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Plus, as she has revelations with writing the composition, her violin will play in the background as though she’s hearing the music as she writes the notes. It’s cleverly done.
story

krismii
In the first episode of The Lion’s Song, we play as Wilma, a young musical prodigy struggling to compose a final piece for a concert. She fights through anxiety, unrequited love, and nightmares while trying to find the inspiration and her voice in a secluded mountain cabin for her piece. Your choices help decide if she can finish her melody on time for the concert.

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In Episode 2, you play as Franz, an artist. You aid him as he tries to paint people as real beings showing their true personalities. This one is tougher than the first episode. It’s not as linear and a lot of the choices are tougher.

krismii
Episode 3 starred a woman mathematic. Rachel and I both jokingly balked at doing a story about math, but it was probably one of our favorite episodes. Back in the time that the game is set — right on the cusp of World War 1 — it was unheard of for a woman to have a brain “logical” enough to grasp mathematics, let alone create and prove her own theories. Her story was about reaching out and finding help with her theories, but her gender prevented her from connecting with the like-minded male professors of math, causing her to cross-dress in order to join their circle. One of the main mechanics of this episode was flipping back and forth between her female and male personas in the pursuit of knowledge and smashing the sexist barriers found in that time.

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Episode 4, the final episode, was short and sweet. It took us about an hour to get through and it was a neat wrap-up to the previous three episodes. You’re stationed in a train car talking to three other men and you get to play as those three briefly as they swap stories, all connecting back to the other three episodes. I don’t want to say too much due to spoilers, but it was very well done.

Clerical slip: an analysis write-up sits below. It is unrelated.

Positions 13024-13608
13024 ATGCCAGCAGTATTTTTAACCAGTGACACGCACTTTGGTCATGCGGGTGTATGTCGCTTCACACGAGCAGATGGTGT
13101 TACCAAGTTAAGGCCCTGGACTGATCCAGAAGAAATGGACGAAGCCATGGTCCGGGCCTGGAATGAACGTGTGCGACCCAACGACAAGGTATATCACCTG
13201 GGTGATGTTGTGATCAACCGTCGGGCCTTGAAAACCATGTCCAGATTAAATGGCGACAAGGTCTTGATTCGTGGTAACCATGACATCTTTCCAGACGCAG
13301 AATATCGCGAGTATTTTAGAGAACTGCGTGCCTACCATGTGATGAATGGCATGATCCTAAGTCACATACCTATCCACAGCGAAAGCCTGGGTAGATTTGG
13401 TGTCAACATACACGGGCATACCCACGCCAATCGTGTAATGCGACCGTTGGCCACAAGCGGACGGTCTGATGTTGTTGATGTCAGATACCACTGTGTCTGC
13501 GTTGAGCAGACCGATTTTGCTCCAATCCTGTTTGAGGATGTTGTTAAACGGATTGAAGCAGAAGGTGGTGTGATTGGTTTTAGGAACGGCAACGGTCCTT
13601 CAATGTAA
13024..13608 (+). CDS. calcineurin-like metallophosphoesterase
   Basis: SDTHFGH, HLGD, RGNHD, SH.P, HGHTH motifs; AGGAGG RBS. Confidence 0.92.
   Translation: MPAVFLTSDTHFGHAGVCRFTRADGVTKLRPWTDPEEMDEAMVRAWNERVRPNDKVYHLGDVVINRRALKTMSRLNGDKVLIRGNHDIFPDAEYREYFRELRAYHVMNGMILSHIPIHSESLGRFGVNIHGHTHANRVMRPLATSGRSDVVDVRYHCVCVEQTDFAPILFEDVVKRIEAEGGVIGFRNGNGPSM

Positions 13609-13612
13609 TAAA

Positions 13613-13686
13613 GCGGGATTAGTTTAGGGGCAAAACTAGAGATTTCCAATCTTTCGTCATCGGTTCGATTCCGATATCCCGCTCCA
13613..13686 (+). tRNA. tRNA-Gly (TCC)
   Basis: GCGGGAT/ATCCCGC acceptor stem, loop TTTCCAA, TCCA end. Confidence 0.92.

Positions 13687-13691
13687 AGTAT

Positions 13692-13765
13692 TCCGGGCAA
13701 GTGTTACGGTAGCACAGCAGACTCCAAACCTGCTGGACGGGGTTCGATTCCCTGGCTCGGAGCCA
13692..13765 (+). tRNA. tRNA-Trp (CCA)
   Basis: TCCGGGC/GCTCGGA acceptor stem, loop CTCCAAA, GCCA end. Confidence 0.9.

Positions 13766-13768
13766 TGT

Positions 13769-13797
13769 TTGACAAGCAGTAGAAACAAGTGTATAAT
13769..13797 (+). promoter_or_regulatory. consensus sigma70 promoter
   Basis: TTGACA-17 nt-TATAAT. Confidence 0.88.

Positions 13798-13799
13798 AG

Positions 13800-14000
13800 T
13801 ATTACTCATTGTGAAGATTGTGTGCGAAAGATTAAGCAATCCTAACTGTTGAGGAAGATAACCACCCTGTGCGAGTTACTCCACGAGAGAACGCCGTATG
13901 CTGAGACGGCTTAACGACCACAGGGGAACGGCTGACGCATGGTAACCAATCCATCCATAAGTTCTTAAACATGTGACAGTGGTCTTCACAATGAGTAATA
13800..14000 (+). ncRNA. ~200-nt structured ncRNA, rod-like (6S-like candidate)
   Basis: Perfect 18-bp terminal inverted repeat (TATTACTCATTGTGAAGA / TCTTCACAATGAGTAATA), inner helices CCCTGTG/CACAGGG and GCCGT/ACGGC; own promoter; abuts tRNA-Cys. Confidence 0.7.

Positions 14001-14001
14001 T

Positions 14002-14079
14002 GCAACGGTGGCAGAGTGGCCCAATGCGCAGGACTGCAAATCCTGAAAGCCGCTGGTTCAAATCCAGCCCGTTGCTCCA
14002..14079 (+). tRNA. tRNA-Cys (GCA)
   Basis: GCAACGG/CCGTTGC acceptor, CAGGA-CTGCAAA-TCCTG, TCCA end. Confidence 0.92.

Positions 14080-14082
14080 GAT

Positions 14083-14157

replay-value

krismii
Considering all the different choices you can click on throughout the episodes to show off different results and endings, The Lion’s Song has some decent replay value. Each episode has secrets about the characters, a story that you unravel with your choices, and it was always interesting to see how the episodes themselves connected with one another.

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Once you finish an episode, stats appear showing how many other people chose the same choices you did. You can go back and change your decisions to see what else could happen. It’s a great game with wonderful storytelling.

The Lion’s Song gets…
4 out of 5 lives.

Have you played this game? What did you think? Let us know in the comments! 

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The Witness [Game Review]

Game Review: The Witness | Video Games | Gaming | Video Game Review | Xbox One | Puzzle Games | DoublexJump.com

Title: The Witness
Developer: Thekla, Inc.
Publisher: Thekla, Inc.
Platform:
Xbox One (Playstation 4, PC, and Mac)
Category:
Puzzle & Trivia
Release Date:
January 26, 2016
How we got the game:
I downloaded it onto my Xbox One

 

 

 

The Witness is a game I had heard about through watching a streamer on Twitch. I was instantly drawn to the tranquility of the game and the beauty of the graphics. When I realized it was a puzzle game, I was all in and wanted to give it a try myself.

gameplay